The drawback is the fact that many company databases are 'dirty' - they simply do not have the volume of addresses or the quality of profiles to make marketing campaigns really effective. Thus, companies are running extensive campaigns simply to gather emails.

Sponsorship email is an alternative to buying online advertising. It can be thought of as a successor to banner advertising since, with sponsorship email, a click does not take you to a website but begins an email-based relationship with you. The advantage is that the surfer is not interrupted there and then, which has been the major failing of banner ads.

The disadvantage is that while the surfer has opted-in to receiving the email (ie, the emails are not junk), there is no previous relationship to build on.

Acquisition email is, in effect, direct marketing online, but with the attraction that running the campaign, if not buying the lists, is much cheaper and has shorter cycles. It is also typically opt-in since email lists are generated from campaigns that seek the permission of consumers before selling the names on to receive the specific information they have requested.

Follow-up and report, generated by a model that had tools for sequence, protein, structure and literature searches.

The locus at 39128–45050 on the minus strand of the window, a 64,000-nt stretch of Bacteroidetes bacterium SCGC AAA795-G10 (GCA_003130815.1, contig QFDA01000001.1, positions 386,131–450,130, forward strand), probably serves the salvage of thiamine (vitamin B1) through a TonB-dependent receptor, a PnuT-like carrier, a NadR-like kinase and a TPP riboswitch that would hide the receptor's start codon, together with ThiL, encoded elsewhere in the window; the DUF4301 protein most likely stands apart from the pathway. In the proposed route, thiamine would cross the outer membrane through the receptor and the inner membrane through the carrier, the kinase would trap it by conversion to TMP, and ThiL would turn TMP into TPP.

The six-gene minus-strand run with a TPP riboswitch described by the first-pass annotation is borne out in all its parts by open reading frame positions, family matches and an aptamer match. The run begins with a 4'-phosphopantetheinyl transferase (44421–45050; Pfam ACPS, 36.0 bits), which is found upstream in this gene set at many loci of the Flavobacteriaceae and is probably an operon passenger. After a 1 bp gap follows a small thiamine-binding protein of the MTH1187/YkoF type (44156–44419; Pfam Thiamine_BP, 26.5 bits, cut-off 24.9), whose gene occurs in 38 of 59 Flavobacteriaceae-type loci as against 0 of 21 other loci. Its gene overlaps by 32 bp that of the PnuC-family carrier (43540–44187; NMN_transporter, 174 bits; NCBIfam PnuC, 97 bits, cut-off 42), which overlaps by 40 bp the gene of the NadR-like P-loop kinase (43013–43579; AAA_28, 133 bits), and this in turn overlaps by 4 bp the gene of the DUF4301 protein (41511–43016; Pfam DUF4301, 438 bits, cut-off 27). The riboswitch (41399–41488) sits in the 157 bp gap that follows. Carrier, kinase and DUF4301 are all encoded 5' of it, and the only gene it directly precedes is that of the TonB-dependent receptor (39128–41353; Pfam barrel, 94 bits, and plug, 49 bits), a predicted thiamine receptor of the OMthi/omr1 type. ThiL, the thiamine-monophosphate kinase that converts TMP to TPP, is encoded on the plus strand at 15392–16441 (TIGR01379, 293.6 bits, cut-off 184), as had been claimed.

Heineken: the missing link

What do Heineken and rugby have in common? To the company that is spending millions sponsoring the Heineken Rugby Cup, that is an important question. The risk is that lovers of Heineken simply miss the connection with rugby, or vice versa. In marketing terms, that money would be ill-spent.

So, Heineken has been running an extensive campaign, using the images of rugby and beer. The mix includes an email-based campaign that stems from the TV ads that feature peanuts being shot into beer glasses, much as rugby players convert tries. Online this image is converted into a game, in which people shoot ballistic peanuts into virtual glasses. The winner receives a wide-screen TV.